EXEMPLARY DAMAGES. Presented in Dallas by: THAD D. SPALDING

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1 EXEMPLARY DAMAGES PETER M. KELLY KELLY, DURHAM & PITTARD, LLP 1005 Heights Boulevard Houston, Texas Ph: Fax: Presented in Dallas by: THAD D. SPALDING KELLY, DURHAM & PITTARD, LLP P.O. Box Dallas, Texas Ph: Fax: State Bar of Texas 30 TH ANNUAL ADVANCED PERSONAL INJURY LAW COURSE July 9-11, 2014 Dallas August 6 8, 2014 San Antonio August 27 29, 2014 Houston CHAPTER 26

2 PETER M. KELLY KELLY, DURHAM & PITTARD, L.L.P Heights Boulevard Houston Texas Telephone: Facsimile: Education The University of Texas School of Law, J.D. 1990: Scholarly Publications Editor, Texas International Law Journal. Harvard College of Harvard University, A.B. cum laude 1985: Departmental Honors in History. Professional Activities, Memberships, and Admissions Board Certified, Civil Appellate Law--Texas Board of Legal Specialization. Texas Supreme Court Advisory Committee, Member Texas Trial Lawyers Association: Chair, Amicus Committee, and Member, Executive Committee, and Member, Board of Directors, Houston Trial Lawyers Association: President, ; President-Elect, ; Secretary-Treasurer, ; Chair, Legislative Liaison Committee, ; Chair, Long Range Planning Committee, Texas Monthly Super Lawyer, Texas Supreme Court Historical Society: Trustee ; Texas Bar Foundation: Life Fellow; State Bar of Texas Appellate Section: Co-Author, Court of Appeals Appellate Procedure Update, Appellate Advocate (published quarterly by the Appellate Practice Section of the State Bar of Texas), Fall ; Appellate Practice Section of the Houston Bar Association: Member; Council Member, ; Member of Bar Association of the Fifth Federal Circuit; American Bar Association; American Association for Justice; University of Texas School of Law Dean s Roundtable. Admitted to practice in the States of New York and Texas, the Southern, Northern, Eastern, and Western U.S. Districts of Texas, the Southern District of New York, and the Fifth Federal Circuit. Frequent CLE speaker.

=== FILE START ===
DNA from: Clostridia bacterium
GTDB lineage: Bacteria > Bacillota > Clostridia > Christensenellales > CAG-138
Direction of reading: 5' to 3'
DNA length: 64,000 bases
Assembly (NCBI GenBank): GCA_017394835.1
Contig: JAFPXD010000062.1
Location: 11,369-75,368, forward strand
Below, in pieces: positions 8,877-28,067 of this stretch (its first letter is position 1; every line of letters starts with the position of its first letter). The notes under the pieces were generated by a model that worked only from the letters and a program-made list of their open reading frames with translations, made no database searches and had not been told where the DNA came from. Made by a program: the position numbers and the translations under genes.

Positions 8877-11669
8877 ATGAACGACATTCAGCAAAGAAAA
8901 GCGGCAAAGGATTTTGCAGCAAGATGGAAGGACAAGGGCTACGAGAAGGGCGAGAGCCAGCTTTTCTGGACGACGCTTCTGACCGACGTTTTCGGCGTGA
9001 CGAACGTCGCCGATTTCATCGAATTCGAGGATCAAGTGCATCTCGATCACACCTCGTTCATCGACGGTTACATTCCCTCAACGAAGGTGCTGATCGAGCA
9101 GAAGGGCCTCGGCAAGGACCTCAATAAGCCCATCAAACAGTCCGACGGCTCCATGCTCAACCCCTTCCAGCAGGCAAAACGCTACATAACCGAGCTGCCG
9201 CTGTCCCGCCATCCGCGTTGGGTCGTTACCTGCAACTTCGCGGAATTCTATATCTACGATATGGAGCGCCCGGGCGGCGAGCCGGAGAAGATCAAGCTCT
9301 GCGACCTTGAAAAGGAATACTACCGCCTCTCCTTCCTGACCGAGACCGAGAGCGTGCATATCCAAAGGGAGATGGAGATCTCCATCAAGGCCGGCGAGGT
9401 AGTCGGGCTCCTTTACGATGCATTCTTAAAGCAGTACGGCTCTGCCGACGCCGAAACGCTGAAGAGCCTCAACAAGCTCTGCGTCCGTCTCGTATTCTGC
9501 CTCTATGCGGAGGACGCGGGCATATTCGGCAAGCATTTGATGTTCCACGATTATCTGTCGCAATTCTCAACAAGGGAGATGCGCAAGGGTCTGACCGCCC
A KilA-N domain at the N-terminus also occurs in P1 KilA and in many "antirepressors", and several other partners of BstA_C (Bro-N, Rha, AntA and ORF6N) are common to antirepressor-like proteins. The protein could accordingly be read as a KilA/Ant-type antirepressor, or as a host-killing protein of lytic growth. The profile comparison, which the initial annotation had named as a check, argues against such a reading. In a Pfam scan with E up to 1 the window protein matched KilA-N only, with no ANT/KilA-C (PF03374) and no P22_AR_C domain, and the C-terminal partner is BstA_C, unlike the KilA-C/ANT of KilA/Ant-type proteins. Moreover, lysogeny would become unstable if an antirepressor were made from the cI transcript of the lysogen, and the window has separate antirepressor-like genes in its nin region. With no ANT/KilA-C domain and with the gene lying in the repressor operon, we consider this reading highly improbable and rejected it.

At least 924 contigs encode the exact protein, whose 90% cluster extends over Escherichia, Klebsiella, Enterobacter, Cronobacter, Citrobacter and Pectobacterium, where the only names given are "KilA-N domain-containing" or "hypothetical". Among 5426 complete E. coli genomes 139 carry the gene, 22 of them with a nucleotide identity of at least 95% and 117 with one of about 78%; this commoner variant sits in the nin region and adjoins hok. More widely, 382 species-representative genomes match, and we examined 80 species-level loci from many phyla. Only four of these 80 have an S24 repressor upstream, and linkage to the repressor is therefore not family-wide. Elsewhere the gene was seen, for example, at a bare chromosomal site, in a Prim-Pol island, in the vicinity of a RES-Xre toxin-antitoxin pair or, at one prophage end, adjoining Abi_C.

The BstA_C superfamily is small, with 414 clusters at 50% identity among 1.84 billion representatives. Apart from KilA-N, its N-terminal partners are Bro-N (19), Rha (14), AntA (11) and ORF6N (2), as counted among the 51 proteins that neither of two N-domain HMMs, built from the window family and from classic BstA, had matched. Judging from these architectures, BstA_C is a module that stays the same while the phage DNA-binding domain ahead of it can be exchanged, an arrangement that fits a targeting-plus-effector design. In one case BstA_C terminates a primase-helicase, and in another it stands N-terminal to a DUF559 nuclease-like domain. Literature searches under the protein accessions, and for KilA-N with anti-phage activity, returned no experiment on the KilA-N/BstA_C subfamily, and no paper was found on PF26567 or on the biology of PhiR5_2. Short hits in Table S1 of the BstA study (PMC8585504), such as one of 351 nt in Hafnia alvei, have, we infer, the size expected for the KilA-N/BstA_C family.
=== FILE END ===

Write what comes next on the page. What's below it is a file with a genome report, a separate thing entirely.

3 THAD D. SPALDING KELLY, DURHAM & PITTARD, L.L.P. P.O. Box Dallas, Texas Haines Ave. Dallas, Texas (214) (214) (fax) After graduating from St. Mary s University School of Law in 1994, Thad D. Spalding was a member of the appellate sections of San Antonio firms Ball & Weed, P.C., and Prichard, Hawkins, McFarland & Young, LLP. Thad and his family moved to Dallas in 2001 where Thad helped start Hermes Sargent Bates, LLP s appellate section. In 2010, Thad joined The Law Offices of Marc H. Richman, where he continued to handle appeals and litigation support, along with a trial docket of complex personal injury, commercial, and family law cases, and in 2013, Thad joined Kelly, Durham & Pittard, LLP, Throughout his career, Thad has served as lead counsel on numerous appeals, has successfully argued cases before many of the intermediate courts of appeals, the Texas Supreme Court, and the Fifth Circuit Court of Appeals, and has assisted trial counsel by briefing and arguing complex motions for summary judgment, jurisdictional objections, expert witness challenges, jury charges, and post-trial motions throughout Texas in both state and federal courts. Thad has been Board Certified in Civil Appellate Law by the Texas Board of Legal Specialization since 1999, and, since 2002, has been an active member of the State Bar of Texas Committee on Pattern Jury Charges General Negligence and Intentional Personal Torts. He was recognized by Thomson Reuters in Texas Monthly as a Texas Rising Star in 2004 and then a Super Lawyer from , by ALM and Law.com in 2012 as a Texas Top Rated Lawyer in the Appellate category, and by D Magazine as a Best Lawyer in Dallas in the Appellate category from Thad is also rated AV Preeminent, the highest possible rating in both legal ability and ethical standards, by Martindale-Hubbell.